Book Review: Frostborn by Lou Anders
Genre: Fantasy, Young Readers (age 8-12)
Series: www.thronesandbones.com #1
Publisher: Crown Books for Young Readers (August 5, 2014)
Author Info: www.louanders.com
Wendy’s Rating: 4 of 5 stars:
I am a firm believer in learning something new every day, and this is one of the many places where Frostborn really shines.
Karn is a young Norrønir boy who shuns his father’s farm life and his responsibilities. He’d rather be playing his favourite strategy game, Thrones and Bones, than wielding a sword or haggling for food and supplies. Meanwhile, further north, Thianna is determined to prove herself every bit a giant, while hating the half-human part of her that makes her so obviously different. At the seasonal gathering where Norrønir and giants come together to trade, the two young ones meet and discover that they really don’t have anything in common except what makes them different. When circumstances later exile them from their respective worlds, they are forced to trust in each other, and in their own uniqueness to get themselves out of some pretty big trouble.
Right from the prologue, I was sucked in as Anders weaves a thrilling escape for a mysterious woman and the beast she rides, culminating in a very moving climax that promised that the rest of the book could only get better. While this is most certainly a children’s book, I really enjoyed Anders’ approach to its serious, painful and sometimes frightening elements. Anders, who has a young son and a daughter, is clearly writing for his children (and later realized he was writing about them), but the storytelling holds a sense of maturity that I think is sometimes lacking in books aimed at this age group (8-12). That’s not to say that the book is too “grown up.” The language is fun mix of classical and colloquial, there’s a sharp sense of wit and humour on display, and Thianna and Karn are definitely the kinds of kids a young reader can relate to. Anders eloquently balances the fun side of childhood, while respecting that quite often, kids know and understand quite a lot more than adults give them credit for.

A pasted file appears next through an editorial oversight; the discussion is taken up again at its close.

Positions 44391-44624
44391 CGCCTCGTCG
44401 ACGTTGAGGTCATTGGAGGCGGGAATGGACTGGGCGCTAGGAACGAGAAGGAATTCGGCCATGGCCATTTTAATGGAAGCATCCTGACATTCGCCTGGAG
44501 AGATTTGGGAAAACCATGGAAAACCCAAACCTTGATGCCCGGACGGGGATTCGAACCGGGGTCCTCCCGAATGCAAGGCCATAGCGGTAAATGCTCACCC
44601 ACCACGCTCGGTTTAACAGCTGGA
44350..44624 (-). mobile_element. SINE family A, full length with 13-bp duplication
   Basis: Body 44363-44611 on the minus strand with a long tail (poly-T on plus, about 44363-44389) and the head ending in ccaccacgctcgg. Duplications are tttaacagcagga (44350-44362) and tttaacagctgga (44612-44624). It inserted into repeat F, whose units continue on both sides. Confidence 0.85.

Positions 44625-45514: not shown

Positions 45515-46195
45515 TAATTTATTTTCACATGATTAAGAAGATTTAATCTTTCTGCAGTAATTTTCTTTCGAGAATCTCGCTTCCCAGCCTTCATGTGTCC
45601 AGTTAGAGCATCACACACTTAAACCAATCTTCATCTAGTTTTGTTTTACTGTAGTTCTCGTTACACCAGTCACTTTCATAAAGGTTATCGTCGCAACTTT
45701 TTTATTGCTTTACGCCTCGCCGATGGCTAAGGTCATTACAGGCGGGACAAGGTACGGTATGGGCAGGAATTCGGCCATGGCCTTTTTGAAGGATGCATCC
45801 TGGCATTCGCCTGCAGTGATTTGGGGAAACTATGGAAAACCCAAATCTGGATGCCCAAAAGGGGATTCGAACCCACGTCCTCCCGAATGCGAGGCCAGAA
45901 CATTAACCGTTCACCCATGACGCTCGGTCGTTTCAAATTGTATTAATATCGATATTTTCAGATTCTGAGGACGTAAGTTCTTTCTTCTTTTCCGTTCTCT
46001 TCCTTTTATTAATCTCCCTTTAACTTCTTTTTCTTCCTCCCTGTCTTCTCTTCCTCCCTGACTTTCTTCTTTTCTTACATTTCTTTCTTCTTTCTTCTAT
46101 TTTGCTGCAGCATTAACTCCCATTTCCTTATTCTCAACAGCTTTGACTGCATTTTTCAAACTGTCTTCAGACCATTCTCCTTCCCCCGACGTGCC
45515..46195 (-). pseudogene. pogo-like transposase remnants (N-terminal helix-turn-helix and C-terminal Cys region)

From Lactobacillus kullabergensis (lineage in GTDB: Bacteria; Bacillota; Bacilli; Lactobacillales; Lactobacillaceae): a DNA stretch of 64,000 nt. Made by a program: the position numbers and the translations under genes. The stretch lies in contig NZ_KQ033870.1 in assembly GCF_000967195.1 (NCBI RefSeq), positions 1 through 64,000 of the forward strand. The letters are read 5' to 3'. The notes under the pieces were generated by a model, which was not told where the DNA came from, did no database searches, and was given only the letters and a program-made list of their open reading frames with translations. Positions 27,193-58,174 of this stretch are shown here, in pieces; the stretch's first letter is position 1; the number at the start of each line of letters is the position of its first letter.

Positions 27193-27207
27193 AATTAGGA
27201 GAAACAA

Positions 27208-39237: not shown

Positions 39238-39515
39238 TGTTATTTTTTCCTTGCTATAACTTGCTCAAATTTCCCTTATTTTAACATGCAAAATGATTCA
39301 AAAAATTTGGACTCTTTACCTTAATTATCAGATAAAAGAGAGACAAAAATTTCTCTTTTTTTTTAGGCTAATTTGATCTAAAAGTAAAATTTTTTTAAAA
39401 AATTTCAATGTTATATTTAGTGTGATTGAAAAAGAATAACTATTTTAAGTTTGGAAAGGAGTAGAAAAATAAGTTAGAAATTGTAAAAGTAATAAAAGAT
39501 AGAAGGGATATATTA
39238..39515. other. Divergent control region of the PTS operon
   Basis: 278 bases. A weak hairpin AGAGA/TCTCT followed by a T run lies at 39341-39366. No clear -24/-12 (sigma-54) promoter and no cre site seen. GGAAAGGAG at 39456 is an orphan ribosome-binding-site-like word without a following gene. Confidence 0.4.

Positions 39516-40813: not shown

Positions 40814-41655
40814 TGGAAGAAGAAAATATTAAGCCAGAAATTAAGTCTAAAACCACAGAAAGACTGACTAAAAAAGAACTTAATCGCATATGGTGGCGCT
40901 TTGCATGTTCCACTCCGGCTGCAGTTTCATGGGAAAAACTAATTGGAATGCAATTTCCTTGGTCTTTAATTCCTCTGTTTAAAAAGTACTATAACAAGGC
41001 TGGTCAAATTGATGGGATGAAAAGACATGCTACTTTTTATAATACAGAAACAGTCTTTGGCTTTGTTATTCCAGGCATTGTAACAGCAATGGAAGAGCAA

I also loved the casual little interjections of trivia. I learned a few things from Anders’s little tidbits of information, and I know young readers would be just as fascinated by the knowledge. I am a firm believer in learning something new every day, and this is one of the many places where Frostborn really shines.
I expected Frostborn to end up being a typical buddy quest adventure, and while there were elements of that involved and implied for future books, I really loved the way Anders focuses on the kids separately as much as they are together. They each come to terms with their situations and its often after the moments of self-discovery that they are able to be of stronger aid to their friend. Together, they both remain unique and probably don’t agree on a lot of things, but there is a healthy level of respect for each other and their differences as they work toward resolving their problems.
Overall, a really impressive entry into the young readers fantasy genre that both kids and parents can have fun with and learn from. And then follow up family reading night with a game of Thrones and Bones!
With thanks to Crown Books and the author for providing an advanced reader copy of this book in exchange for an honest review.